Due to its natural wealth, Nauru was once among the richest countries in the world.
On January 31, 1968, the smallest republic in the world, Nauru, gained independence. This country is located in the Pacific, near the equator. It is the southeastern border area of Micronesia, close to the point where Polynesia, Melanesia and Micronesia meet.
The Republic of Nauru consists of a single island, which has an area of only 21.3 square kilometers (about the same as our Mali Losinj). Of all the independent states in the world, only two are smaller than Nauru. These are the Vatican and Monaco. But since these two countries are not republics, Nauru may rightfully carry the title of the least independent republic in the world.
Nauru is also the smallest island nation in the world. Likewise, Nauru has less than 10,000 inhabitants, making it the second-smallest country in the world (only the Vatican is smaller, with about 800 inhabitants, while Monaco has as many as 35,000 citizens).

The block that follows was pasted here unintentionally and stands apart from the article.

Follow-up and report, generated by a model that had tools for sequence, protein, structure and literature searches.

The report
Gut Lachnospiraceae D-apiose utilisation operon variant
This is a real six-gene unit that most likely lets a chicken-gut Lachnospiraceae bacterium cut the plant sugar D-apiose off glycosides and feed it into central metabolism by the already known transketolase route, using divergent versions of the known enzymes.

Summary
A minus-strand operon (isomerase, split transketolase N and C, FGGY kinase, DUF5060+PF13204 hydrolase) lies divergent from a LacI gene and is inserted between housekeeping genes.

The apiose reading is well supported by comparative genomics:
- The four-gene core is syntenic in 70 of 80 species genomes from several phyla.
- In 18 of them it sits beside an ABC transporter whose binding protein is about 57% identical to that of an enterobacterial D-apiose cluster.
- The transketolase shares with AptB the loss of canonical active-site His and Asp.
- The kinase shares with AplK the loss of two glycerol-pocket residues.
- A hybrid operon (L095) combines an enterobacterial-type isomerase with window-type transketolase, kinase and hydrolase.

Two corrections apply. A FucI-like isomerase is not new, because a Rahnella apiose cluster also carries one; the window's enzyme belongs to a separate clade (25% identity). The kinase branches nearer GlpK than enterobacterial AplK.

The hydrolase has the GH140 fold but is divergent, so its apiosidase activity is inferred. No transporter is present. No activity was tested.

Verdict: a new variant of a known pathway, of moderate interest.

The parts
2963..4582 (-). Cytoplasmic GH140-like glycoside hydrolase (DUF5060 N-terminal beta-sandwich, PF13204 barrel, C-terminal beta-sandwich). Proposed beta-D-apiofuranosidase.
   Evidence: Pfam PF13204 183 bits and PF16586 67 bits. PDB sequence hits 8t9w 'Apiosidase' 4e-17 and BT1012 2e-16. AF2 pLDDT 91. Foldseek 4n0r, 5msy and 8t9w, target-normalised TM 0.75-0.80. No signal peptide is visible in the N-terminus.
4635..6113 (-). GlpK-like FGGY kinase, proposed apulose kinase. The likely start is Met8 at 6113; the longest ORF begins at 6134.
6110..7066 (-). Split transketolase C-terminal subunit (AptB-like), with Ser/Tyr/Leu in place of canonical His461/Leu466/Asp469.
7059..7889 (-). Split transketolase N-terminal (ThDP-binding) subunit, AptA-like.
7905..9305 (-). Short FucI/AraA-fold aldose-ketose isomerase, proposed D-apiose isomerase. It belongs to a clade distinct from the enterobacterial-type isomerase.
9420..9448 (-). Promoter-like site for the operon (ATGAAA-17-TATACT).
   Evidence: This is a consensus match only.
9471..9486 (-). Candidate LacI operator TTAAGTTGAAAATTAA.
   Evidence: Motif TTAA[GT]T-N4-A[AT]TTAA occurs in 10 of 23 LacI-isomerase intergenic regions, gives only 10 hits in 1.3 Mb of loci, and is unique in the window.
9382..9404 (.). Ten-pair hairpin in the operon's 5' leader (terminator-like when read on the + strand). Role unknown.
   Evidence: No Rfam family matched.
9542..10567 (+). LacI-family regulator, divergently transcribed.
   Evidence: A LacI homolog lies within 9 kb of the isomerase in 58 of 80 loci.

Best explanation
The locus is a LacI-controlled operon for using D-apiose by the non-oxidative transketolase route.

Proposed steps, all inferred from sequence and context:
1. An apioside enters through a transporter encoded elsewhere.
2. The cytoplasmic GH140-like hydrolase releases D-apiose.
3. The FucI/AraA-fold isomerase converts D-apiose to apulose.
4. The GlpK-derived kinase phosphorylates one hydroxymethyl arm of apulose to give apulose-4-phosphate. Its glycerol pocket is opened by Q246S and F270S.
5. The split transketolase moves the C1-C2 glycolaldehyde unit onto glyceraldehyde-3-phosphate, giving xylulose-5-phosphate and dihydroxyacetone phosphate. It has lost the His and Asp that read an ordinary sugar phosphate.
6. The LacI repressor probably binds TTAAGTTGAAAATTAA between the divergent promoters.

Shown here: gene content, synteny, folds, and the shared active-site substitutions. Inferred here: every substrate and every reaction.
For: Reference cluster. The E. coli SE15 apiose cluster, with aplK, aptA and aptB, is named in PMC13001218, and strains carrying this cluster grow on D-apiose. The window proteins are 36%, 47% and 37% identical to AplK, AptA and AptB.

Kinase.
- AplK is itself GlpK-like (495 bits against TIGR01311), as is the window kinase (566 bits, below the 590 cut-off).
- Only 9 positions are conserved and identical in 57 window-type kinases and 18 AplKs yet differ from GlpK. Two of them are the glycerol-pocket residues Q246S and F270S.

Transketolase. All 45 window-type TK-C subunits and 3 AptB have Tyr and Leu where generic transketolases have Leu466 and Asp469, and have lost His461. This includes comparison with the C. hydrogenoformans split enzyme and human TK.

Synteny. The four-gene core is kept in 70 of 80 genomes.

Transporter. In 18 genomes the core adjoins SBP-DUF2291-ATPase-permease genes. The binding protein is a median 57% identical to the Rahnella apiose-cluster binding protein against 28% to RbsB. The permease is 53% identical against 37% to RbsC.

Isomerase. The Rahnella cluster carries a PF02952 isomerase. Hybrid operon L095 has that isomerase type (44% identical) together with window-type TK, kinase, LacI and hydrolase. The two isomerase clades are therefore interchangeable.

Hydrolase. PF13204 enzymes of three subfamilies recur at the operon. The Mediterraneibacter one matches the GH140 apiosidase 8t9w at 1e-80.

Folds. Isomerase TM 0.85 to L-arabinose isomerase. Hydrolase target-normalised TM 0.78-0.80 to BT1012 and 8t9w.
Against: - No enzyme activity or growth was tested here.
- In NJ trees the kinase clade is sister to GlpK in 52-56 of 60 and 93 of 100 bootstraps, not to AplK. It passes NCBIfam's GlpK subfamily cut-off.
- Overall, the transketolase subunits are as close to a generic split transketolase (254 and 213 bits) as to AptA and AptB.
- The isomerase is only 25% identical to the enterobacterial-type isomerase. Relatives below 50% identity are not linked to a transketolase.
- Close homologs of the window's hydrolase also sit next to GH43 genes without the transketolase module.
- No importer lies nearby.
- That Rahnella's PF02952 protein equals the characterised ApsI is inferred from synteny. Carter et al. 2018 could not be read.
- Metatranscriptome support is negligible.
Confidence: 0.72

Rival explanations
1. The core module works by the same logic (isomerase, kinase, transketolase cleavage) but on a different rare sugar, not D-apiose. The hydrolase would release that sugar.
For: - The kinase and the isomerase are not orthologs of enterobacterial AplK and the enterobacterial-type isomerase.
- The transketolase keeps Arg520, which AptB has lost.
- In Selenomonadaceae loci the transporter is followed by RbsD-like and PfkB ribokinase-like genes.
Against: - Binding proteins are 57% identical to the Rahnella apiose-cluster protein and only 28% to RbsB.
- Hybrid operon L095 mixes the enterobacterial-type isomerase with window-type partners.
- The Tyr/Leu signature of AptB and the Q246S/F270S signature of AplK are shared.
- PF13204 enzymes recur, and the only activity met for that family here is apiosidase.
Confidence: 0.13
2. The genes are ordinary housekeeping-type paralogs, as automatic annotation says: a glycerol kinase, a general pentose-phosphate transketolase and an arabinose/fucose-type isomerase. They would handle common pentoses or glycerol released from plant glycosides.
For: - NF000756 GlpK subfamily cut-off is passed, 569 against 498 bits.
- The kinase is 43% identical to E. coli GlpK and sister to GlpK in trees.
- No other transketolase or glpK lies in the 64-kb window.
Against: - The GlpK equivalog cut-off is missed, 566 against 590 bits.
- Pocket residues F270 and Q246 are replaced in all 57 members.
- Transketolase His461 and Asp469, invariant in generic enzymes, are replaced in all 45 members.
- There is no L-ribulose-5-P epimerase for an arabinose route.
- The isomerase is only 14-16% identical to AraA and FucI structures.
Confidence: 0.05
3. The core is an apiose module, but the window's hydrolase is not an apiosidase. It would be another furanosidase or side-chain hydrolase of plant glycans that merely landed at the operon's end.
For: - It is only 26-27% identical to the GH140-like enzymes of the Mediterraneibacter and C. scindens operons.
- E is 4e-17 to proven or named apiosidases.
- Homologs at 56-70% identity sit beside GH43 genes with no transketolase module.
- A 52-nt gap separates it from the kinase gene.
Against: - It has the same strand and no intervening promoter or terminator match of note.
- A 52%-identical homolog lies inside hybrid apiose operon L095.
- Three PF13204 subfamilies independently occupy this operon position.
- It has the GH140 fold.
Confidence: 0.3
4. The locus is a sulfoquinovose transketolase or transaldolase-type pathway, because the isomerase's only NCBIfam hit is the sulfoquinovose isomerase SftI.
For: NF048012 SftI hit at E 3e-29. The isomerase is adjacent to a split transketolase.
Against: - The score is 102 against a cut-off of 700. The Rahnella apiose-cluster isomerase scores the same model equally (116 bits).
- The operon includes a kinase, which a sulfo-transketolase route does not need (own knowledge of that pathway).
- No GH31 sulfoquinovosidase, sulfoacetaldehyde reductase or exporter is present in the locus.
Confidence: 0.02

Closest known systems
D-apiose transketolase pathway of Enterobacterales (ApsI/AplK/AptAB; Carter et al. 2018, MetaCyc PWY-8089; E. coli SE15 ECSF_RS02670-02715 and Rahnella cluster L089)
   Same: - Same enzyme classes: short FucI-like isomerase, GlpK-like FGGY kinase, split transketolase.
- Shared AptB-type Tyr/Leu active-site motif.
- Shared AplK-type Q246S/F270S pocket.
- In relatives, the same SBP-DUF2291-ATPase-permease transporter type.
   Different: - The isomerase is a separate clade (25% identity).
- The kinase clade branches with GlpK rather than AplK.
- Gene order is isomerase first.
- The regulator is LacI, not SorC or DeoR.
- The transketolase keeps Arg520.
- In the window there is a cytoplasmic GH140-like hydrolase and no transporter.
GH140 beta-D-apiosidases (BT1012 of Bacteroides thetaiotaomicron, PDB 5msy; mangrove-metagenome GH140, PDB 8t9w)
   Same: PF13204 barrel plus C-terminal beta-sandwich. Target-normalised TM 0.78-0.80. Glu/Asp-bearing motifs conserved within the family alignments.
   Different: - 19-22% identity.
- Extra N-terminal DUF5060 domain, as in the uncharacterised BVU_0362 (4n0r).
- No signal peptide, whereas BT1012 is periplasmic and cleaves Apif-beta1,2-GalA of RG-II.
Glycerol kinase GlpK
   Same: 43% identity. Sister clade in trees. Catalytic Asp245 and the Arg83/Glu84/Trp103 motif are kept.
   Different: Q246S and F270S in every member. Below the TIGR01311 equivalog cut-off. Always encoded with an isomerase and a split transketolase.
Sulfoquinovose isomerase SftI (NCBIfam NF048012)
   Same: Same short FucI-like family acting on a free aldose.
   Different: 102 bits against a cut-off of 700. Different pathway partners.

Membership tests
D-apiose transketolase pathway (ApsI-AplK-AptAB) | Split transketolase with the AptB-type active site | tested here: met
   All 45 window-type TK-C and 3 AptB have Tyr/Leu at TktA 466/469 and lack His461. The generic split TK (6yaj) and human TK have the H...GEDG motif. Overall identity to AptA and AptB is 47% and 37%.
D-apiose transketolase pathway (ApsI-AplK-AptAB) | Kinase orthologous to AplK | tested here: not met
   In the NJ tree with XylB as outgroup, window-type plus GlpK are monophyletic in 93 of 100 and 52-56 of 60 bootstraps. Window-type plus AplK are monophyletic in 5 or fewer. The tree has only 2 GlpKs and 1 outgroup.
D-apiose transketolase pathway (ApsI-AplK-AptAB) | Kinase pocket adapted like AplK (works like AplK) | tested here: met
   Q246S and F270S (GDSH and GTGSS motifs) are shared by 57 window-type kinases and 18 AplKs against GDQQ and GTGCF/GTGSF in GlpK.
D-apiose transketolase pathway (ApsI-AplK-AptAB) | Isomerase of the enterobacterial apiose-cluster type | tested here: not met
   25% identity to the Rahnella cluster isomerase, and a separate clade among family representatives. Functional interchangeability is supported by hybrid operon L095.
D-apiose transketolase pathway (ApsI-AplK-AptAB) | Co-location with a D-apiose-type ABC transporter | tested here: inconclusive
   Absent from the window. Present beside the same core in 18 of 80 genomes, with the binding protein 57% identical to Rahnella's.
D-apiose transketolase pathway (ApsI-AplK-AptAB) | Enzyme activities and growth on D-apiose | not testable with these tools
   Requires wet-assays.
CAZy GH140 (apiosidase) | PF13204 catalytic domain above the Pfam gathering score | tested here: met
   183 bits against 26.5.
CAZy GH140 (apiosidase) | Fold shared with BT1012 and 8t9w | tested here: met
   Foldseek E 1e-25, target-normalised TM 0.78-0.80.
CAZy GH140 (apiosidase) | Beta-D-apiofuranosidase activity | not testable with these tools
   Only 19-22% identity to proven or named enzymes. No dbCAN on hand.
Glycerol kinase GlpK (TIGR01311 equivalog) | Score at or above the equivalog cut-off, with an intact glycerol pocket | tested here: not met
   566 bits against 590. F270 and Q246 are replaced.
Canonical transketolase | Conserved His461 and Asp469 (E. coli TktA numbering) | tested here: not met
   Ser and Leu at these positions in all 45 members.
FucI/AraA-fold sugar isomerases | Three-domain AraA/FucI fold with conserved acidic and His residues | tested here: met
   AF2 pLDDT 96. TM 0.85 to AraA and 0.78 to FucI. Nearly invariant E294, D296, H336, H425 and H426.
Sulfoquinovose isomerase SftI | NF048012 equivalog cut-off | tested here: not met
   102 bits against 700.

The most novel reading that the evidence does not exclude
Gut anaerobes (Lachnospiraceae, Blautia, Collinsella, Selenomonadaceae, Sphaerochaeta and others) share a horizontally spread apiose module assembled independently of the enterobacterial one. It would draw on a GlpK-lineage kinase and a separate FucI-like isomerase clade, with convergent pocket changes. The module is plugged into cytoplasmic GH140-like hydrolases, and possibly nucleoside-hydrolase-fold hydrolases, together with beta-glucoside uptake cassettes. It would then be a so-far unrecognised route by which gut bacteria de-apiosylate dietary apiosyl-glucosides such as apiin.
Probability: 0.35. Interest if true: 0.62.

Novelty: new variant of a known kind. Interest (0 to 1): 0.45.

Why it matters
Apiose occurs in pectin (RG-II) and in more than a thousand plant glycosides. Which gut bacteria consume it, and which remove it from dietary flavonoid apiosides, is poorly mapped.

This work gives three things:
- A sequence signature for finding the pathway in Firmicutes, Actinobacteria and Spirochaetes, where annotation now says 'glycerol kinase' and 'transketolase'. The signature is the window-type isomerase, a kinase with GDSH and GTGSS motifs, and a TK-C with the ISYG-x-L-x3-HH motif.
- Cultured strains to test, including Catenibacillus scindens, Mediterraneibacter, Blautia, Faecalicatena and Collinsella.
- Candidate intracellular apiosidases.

Interestingly, because of its natural wealth, Nauru was once among the richest countries in the world, accounting for average per capita income. Namely, Nauru Island possessed large phosphate deposits, originating from bird droppings. Phosphate exploitation has generated large profits, as Nauru has been one of the world’s largest exporters of this raw material.
However, by the early decades of the 21st century, reserves were being used up and government revenues had fallen sharply, as many as 10 times, despite attempts to shift the economy to earning some kind of tax haven. It is an odd fact that the Nauru Parliament has only 18 to 19 members.